The islands of Japan are the projecting summits of a huge chain of mountains originally a part of the continent of Asia, from which they were detached in the Cenozoic era. The long and narrow main island, Honshu, measures less than 322 km (200 mi) at its greatest breadth. The coastline of Japan is exceedingly long in proportion to the area of the islands, and totals, with the many bays and indentations, about 24,950 km (15,500 mi). The greatest amount of indentation is on the Pacific coast, the result of the erosive action of the tides and severe coastal storms. The western coast of Kyushu, on the East China Sea, is the most irregular portion of the Japanese coast. Few navigable inlets are found on the eastern coast above Tokyo, but south of Tokyo Bay are many of the best bays and harbours in Japan. Between Honshu, Shikoku, and Kyushu is the Inland Sea, dotted with islands and connected with the Pacific Ocean and the Sea of Japan by three narrow straits through which oceanic storms rarely pass. The western coast of the islands of Japan, on the almost tideless Sea of Japan, is relatively straight and measures less than 4,830 km (3,000 mi); the only conspicuous indentations in the coastline are Wakasa and Toyama bays in Honshu.
Topographically, Japan is a rugged land of high mountains and deep valleys, with many small plains. Because of the alternating sequence of mountain and valley, and the rocky soil, only an estimated 11 per cent of Japan is arable land.
The Japanese plains lie chiefly along the lower courses of the principal rivers, on plateaux along the lowest slopes of mountain ranges, and on lowlands along the sea coast.
The most extensive plains are in Hokkaido: along the Ishikari River in the western part of the island, along the Tokachi River in the south-east, and around the cities of Nemuro and Kushiro on the east-central shore. Honshu has several large plains. The Osaka plain contains the cities of Kōbe, Kyoto, and Osaka; the Kantō plain is the site of Tokyo; and Nagoya is the main city of the plain of Nobi. The Tsukushi plain is the most important level area in Kyushu.
The mountains of Japan are the most conspicuous feature of the topography. Mountain ranges extend across the islands from north to south, the main chains sending off smaller ranges that branch out laterally or run parallel to the parent range, and frequently descend to the coast, where they form bays and harbours. In the north, the island of Hokkaido is marked by a volcanic range that descends from the Kurils and merges in the south-western part of the island with a chain branching from Point Soya in the north-western tip. These mountains branch into two lines near Uchiura Bay, on the south-western coast, and reappear on the island of Honshu in two parallel ranges. The minor range, situated entirely in the north-east, separates the valley of the Kitakami River from the Pacific Ocean. The main range continues towards the south-west until it meets a mass of intersecting ridges that enclose the plateau of the Shinano River and forms a belt of mountains, the highest in Japan, across the widest part of the island.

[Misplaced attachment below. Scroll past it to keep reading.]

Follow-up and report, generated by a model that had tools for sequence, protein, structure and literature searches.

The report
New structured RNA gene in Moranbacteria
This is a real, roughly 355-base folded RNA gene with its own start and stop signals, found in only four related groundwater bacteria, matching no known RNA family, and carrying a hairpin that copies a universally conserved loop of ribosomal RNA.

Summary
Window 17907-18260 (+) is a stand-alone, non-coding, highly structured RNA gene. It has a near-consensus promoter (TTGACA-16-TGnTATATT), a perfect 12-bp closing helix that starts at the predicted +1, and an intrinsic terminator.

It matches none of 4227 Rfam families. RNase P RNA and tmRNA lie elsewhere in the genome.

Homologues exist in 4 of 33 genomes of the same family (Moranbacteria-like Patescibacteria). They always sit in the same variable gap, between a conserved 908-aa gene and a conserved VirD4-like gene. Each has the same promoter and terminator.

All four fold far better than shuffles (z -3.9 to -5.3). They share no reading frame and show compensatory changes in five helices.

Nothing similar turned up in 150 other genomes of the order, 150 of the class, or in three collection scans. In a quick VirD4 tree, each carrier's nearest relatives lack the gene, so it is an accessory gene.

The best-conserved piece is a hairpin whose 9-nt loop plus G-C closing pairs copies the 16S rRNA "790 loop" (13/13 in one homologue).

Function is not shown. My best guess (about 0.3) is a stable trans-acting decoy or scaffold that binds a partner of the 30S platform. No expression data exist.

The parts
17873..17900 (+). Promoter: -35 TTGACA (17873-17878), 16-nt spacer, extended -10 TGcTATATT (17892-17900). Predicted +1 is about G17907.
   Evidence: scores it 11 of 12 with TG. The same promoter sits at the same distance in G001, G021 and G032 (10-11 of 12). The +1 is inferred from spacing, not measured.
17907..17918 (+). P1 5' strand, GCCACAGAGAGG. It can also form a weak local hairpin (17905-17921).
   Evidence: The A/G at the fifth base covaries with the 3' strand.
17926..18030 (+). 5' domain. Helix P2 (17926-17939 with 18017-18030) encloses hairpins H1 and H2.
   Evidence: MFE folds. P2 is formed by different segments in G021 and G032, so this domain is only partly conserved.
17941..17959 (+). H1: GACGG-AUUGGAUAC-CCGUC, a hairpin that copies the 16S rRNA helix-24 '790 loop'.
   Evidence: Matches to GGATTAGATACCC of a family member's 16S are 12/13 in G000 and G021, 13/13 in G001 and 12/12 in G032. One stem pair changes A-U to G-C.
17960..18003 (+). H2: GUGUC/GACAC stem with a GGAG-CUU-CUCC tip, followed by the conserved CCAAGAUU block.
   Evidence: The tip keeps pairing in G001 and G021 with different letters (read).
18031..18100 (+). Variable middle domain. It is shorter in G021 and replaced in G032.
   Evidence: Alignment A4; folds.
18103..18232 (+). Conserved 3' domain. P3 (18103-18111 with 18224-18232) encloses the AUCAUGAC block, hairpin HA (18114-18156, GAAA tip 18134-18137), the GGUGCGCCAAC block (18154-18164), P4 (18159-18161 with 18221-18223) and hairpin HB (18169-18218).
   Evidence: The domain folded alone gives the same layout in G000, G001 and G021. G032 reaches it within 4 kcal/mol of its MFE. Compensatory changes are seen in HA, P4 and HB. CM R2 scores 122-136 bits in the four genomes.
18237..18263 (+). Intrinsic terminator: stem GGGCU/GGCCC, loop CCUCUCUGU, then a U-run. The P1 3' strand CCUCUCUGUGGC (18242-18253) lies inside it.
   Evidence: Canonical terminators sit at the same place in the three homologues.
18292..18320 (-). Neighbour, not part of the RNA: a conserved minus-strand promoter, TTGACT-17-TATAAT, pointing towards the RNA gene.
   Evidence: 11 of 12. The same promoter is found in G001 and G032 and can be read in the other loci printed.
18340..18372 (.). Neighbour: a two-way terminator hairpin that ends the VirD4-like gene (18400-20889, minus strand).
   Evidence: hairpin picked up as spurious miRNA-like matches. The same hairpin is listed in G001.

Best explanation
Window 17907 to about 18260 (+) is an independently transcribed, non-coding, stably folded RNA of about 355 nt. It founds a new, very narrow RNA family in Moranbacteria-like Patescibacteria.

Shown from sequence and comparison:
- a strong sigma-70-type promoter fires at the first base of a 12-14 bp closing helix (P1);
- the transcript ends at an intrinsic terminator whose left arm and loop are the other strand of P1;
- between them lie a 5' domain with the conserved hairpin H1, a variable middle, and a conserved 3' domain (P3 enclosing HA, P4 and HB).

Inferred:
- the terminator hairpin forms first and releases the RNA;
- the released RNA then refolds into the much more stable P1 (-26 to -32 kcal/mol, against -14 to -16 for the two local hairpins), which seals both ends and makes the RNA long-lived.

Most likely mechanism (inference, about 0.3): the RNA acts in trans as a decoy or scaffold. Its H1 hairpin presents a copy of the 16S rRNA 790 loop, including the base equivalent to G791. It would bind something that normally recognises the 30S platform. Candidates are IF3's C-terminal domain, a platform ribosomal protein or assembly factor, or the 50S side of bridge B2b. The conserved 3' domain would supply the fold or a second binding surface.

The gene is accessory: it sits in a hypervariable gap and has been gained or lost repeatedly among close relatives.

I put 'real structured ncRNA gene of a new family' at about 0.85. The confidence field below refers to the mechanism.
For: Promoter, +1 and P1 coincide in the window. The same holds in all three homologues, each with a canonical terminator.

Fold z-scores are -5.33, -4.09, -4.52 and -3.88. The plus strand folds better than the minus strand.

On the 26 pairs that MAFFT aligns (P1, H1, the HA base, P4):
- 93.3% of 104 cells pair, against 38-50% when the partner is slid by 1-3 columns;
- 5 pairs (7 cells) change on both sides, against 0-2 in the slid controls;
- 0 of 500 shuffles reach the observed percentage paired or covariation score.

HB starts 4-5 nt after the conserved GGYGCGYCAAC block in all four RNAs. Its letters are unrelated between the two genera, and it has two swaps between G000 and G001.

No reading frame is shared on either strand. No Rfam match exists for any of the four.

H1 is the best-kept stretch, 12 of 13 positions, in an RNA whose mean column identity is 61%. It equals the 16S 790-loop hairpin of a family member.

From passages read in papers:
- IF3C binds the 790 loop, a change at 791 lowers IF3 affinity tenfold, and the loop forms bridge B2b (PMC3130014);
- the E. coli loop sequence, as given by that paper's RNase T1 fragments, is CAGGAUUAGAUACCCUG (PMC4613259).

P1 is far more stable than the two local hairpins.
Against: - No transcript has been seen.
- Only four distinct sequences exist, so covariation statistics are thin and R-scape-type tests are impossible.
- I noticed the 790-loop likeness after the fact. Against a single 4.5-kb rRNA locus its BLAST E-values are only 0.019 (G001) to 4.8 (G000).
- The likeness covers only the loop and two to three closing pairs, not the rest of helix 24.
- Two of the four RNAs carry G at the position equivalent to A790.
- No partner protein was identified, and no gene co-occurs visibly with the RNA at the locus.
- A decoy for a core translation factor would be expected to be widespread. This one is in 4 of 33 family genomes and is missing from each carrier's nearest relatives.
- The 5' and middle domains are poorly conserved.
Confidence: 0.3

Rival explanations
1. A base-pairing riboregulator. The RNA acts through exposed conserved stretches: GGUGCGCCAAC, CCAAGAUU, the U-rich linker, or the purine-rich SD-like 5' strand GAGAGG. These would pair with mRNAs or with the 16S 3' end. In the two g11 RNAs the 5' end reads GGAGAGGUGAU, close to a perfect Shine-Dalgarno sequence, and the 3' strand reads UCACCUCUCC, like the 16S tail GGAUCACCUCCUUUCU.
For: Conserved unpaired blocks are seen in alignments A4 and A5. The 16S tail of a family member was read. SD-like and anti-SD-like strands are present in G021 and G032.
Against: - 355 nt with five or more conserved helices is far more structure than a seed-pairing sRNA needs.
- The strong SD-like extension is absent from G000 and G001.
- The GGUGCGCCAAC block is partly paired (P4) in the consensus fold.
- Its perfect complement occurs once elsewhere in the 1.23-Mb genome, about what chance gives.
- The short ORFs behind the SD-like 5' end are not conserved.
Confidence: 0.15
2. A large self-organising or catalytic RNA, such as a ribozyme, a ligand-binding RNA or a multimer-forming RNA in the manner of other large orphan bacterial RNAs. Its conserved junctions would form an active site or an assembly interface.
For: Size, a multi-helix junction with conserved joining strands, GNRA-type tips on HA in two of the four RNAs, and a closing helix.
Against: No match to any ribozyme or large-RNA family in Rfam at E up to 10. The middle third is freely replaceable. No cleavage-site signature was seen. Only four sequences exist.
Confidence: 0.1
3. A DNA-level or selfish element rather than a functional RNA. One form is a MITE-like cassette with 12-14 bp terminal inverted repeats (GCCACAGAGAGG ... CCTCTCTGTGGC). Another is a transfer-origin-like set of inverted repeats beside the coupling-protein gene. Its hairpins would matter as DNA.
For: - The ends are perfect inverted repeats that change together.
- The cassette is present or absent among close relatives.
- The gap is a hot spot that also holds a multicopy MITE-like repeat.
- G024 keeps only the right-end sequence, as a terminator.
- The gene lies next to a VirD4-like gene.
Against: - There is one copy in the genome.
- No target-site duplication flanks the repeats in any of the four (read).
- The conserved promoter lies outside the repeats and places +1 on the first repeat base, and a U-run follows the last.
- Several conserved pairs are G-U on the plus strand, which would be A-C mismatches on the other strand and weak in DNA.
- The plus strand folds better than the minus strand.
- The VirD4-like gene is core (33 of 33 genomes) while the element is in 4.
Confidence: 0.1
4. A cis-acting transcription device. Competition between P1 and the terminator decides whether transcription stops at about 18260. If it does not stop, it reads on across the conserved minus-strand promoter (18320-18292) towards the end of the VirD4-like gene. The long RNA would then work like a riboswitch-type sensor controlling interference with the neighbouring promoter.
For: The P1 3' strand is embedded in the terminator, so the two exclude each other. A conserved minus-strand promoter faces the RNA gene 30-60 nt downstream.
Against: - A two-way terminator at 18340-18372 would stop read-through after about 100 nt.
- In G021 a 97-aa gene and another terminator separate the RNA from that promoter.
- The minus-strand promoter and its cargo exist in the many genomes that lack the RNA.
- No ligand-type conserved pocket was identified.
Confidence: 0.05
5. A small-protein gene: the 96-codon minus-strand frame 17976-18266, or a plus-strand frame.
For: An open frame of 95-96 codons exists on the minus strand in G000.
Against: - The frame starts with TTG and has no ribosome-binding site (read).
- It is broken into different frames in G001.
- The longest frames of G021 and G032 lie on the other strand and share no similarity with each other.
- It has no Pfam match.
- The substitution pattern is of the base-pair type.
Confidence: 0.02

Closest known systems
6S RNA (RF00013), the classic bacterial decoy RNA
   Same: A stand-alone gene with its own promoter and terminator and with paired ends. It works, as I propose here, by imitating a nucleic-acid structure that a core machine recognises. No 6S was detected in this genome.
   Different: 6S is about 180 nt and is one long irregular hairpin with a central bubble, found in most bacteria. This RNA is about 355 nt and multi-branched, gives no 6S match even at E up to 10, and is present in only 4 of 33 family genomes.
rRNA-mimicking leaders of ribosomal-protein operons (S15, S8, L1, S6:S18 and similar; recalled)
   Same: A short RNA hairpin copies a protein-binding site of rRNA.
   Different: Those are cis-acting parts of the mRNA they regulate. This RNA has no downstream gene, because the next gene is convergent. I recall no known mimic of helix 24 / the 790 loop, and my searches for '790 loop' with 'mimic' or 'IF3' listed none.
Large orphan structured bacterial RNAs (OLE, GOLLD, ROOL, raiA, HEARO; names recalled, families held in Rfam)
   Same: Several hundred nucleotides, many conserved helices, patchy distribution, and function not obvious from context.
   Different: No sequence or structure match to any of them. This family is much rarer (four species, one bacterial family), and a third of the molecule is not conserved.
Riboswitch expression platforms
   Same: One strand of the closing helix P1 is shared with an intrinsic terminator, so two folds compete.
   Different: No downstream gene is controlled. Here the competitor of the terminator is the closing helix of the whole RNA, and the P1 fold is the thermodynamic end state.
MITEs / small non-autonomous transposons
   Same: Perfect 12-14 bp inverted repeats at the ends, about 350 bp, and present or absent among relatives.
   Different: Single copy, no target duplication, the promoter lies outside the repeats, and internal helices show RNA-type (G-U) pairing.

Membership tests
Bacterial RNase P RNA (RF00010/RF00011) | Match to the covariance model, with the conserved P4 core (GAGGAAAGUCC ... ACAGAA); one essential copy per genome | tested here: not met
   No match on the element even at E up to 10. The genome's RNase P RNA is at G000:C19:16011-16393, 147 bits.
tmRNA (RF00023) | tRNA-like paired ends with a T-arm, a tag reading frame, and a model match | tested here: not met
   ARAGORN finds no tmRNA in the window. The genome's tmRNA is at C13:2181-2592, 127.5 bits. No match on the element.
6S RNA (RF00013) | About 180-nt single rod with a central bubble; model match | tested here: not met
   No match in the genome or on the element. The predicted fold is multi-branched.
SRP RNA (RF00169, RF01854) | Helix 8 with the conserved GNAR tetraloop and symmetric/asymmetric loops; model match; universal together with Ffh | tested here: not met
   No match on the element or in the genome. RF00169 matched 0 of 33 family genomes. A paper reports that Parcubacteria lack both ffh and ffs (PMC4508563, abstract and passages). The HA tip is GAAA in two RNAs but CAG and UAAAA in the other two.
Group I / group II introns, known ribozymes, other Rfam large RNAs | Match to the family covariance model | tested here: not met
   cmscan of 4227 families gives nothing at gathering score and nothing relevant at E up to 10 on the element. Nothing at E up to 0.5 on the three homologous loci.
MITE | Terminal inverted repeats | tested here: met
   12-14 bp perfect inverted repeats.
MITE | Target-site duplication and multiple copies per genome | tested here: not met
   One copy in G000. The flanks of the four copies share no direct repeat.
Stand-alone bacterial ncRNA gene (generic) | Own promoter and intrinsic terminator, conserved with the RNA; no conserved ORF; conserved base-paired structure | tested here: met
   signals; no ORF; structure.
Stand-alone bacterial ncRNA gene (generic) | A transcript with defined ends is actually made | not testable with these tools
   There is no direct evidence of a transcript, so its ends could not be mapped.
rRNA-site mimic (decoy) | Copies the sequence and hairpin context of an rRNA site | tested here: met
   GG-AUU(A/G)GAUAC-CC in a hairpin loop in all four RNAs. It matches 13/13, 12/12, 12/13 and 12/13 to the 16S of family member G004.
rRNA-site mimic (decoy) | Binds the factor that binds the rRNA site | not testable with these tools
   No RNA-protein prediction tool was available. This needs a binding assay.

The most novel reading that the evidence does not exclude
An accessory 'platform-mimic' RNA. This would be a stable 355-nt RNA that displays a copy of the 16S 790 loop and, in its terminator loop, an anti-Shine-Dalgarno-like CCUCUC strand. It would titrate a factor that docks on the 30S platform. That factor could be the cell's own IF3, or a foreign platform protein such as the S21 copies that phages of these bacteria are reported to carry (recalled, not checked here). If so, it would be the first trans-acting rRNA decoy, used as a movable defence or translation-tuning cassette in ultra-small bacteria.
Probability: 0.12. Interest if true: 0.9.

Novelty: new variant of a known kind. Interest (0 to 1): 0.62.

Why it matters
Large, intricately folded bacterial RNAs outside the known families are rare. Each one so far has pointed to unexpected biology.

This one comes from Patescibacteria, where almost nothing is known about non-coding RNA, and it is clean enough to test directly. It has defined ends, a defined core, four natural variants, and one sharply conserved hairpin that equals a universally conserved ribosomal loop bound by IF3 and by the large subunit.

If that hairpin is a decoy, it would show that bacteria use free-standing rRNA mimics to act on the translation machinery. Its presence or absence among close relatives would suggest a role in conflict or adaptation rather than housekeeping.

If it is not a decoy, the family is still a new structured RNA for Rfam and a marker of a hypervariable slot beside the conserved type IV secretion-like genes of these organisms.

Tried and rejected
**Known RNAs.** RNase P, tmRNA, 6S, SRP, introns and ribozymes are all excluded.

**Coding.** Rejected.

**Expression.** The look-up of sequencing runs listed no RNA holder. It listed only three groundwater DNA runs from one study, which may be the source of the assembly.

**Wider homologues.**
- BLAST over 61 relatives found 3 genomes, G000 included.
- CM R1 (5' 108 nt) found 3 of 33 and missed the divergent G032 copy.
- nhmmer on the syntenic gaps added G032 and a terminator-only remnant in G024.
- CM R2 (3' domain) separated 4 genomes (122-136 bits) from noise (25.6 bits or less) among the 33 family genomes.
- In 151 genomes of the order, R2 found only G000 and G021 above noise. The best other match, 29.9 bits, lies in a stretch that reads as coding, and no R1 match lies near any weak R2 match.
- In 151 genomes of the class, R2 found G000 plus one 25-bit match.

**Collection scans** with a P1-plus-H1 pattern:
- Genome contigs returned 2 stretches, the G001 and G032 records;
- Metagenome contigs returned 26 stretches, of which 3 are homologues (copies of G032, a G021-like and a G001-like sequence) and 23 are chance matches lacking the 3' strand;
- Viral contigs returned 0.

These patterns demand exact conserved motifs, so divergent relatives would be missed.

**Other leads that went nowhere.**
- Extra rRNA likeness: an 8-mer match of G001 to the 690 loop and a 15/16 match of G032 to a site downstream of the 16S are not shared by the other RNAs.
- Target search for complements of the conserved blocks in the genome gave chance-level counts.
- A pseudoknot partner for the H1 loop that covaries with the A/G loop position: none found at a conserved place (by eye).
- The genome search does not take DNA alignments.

The highest peak, at 3,776 m (12,389 ft), is Fuji, an extinct volcano near Yokohama, which, because of its unique height and shape, and exceptional beauty, is one of the favourite themes of Japanese art. One of the subsidiary chains in the central mountain mass is called the Japanese Alps because of the grandeur of the landscape; the highest elevation in the chain is Mount Yariga (3,180 m/10,433 ft). Farther south is another chain of high peaks of which Mount Shirane (3,192 m/10,472 ft) is the highest. The islands of Shikoku and Kyushu are dotted with mountain ranges, although none contains any peak higher than Ishizuchi (1,981 m/6,500 ft) on the island of Shikoku. Volcanoes are common in the Japanese mountains; some 200 volcanoes are known, about 50 of which are still active. Thermal springs and volcanic areas emitting gases are exceedingly numerous. "Japan" © Emmanuel BUCHOT, Encarta, Wikipedia
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